For residents of the Pittsburgh, Pennsylvania area it is likely difficult to imagine a time when prescription drugs were not available. While the availability of such medications has dramatically changed the way in which injured or ill individuals are treated, providing pain relief and even keeping people from dying, it has created other hazards in the way of medication errors.
There are multiple forms a medication error could take including:
- Prescribing or providing a patient the wrong drug
- Prescribing or providing a patient the wrong amount of the drug
- Prescribing or providing a patient a drug that the patient is allergic to
These errors, along with others, are a contributing factor in the death of 7,000 each year. Many more individuals are injured as a result of a medication error but do not die.
While there are likely many things that could be done to reduce the number of medication errors that occur in the United States, some believe that implementing computerized physician order could have a major impact on the number of medication errors committed throughout the nation each day. Upon entering a medication order into the system, it runs a check against the patient’s medical information to determine whether there are any reasons why the drug could harm the individual.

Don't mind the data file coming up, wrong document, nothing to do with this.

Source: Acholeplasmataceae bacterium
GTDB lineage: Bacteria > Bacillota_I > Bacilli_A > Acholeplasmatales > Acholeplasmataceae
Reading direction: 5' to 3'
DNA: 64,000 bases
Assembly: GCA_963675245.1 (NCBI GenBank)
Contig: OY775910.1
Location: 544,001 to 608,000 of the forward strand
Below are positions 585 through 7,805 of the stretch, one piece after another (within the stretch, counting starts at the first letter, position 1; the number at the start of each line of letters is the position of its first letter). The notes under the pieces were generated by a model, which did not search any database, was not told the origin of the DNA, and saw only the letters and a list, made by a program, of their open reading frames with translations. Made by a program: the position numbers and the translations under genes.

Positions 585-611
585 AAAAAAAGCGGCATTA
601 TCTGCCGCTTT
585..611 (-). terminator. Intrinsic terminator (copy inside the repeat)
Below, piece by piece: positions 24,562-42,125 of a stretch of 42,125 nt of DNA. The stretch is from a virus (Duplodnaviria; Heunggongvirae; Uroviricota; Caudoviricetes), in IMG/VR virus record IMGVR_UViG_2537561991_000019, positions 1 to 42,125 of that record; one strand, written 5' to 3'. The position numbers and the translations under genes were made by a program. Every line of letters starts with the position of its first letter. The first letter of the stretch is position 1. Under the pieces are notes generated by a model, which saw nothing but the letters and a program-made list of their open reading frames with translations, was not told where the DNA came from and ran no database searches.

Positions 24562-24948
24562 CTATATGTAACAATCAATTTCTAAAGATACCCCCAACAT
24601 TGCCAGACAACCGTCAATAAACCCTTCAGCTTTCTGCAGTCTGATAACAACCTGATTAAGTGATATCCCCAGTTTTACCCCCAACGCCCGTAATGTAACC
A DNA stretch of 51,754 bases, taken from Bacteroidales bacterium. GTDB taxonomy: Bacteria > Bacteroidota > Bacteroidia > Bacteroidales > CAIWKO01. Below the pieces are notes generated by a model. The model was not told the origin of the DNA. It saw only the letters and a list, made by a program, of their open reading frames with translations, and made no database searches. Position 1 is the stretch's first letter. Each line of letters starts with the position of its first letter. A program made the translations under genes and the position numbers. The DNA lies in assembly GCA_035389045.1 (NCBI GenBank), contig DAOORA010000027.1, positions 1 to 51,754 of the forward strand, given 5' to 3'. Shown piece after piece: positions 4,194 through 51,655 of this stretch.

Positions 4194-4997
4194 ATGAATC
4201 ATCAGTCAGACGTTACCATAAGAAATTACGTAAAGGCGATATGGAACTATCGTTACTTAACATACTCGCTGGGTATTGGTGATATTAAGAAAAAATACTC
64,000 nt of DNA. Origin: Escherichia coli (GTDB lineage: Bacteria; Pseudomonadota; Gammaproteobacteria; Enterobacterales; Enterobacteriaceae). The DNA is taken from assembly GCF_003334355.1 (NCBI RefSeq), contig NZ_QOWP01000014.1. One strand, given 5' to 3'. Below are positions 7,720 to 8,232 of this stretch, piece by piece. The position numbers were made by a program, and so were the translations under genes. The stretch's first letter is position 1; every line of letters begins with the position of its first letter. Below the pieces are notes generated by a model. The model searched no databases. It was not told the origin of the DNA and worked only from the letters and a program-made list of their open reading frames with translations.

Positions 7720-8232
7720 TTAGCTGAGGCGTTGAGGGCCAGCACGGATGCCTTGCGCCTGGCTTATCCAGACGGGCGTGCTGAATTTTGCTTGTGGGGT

Though according to at least one source, the use of CPOE could reduce errors by up to 85 percent, because nothing is foolproof, including computer programs, there is still the potential for medication errors to occur. To address that issue, it is important to test the system regularly to make sure it is operating the way it should.
While the idea of a world free of medication errors is a good one, in reality that is not likely in the near future. Should an individual be injured as a result of a medication error, that person, or his or her loved ones, should be aware that it may be possible to file a medical malpractice lawsuit against those responsible for the mistake.
Source: Forbes, “The Shocking Truth About Medication Errors,” Leah Binder, Sept. 3, 2013